16 May 2018
Simon Benson – National Affairs Editor | Sydney | @simonbenson
Bill Shorten’s tax hit on self-funded retirees will underwrite a spending spree that includes cash handouts for low-income earners, with the scrapping of franking credit refunds forming the biggest revenue raiser in Labor’s $30 billion short-term tax measures.
As Labor Treasury spokesman Chris Bowen prepared to outline today Labor’s plan to match the government’s early return to surplus and tackle the nation’s debt bomb, Scott Morrison accused the opposition of using older Australians to fund a spending splurge.
Treasury and parliamentary budget office estimates suggest that Labor’s tax hit from scrapping imputation credit refunds — a policy that will largely target self-managed super funds — will amount to a third of Labor’s new tax grab over the current forward estimates, to 2021-22.
The Treasury and PBO numbers, which have been disputed by the opposition, show the retiree tax raising $10.7bn over four-year budget forward estimates, working on a baseline year of 2018-19.
A policy to reverse the legislated company tax cuts for businesses with between $2 million and $50m in turnover, and not proceed with the remaining cuts proposed by the government, would raise $6.2bn in the four years to 2021-22, although Labor has not revealed yet what its election policy will be.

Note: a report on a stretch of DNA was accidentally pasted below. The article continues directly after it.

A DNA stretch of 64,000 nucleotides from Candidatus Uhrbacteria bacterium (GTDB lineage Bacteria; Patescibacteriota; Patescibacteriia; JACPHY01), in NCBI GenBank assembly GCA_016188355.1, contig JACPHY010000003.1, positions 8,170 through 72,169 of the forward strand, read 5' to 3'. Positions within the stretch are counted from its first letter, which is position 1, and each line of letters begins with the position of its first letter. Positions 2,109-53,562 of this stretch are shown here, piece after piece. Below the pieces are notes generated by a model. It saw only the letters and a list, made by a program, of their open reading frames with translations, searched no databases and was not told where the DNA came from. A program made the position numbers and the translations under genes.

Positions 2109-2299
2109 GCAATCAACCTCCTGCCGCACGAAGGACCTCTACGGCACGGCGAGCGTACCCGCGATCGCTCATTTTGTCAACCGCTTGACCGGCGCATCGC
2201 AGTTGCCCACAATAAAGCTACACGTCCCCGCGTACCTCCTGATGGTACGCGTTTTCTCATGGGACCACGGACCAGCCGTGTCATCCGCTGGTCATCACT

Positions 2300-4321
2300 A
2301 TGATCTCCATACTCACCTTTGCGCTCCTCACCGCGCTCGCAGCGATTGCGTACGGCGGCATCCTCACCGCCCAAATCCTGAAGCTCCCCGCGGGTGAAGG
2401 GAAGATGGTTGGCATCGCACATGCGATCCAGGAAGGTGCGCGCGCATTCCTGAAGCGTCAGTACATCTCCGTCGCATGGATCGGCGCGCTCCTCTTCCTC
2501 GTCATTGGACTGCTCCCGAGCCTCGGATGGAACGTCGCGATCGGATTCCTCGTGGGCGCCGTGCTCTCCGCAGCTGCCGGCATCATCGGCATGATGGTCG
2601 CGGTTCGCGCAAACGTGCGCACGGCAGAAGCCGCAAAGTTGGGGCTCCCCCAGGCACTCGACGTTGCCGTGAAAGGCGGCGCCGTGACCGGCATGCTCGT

The re-imposition of the 2 per cent debt-and-deficit levy for high-income earners — taking the effective tax rate from 47 per cent to 49 per cent — would raise $5.25bn. And the winding back of negative gearing tax breaks for property investors would raise $1.35bn over the first four years. A total of $5.6bn would also be raised from superannuation contribution taxes and changes to family trusts.
Mr Morrison claimed that this meant retirees would be contributing more to Labor’s spending plan over the first three years of an ALP government than the reversal of company tax cuts, the winding back of negative gearing or tax rises for high-income earners.
Mr Bowen, in a National Press Club address today in response to last week’s federal budget, will pledge to return the budget to balance in the same year as the Coalition — 2019-20, a year earlier than originally forecast — while returning larger surpluses than the Coalition over the following years.
Labor’s costings would be overseen by an independent expert panel.
Mr Bowen will admit to preparing for a “backlash” over Labor’s tax policies, but say it is the right thing to do. “Australians probably didn’t know that you can get an income tax refund, even if you didn’t pay any income tax, and can get the tax paid by a company you own shares in repaid to you so that no net tax is paid. Removing a concession worth $6bn was, we knew, bound to cause a backlash,” he will say. “But we didn’t do these things for fun.”
Mr Bowen will add that Labor will go to the election achieving budget balance in the same year as the government while delivering bigger cumulative budget surpluses over the forward estimates, as well as “substantially” bigger surpluses over 10 years.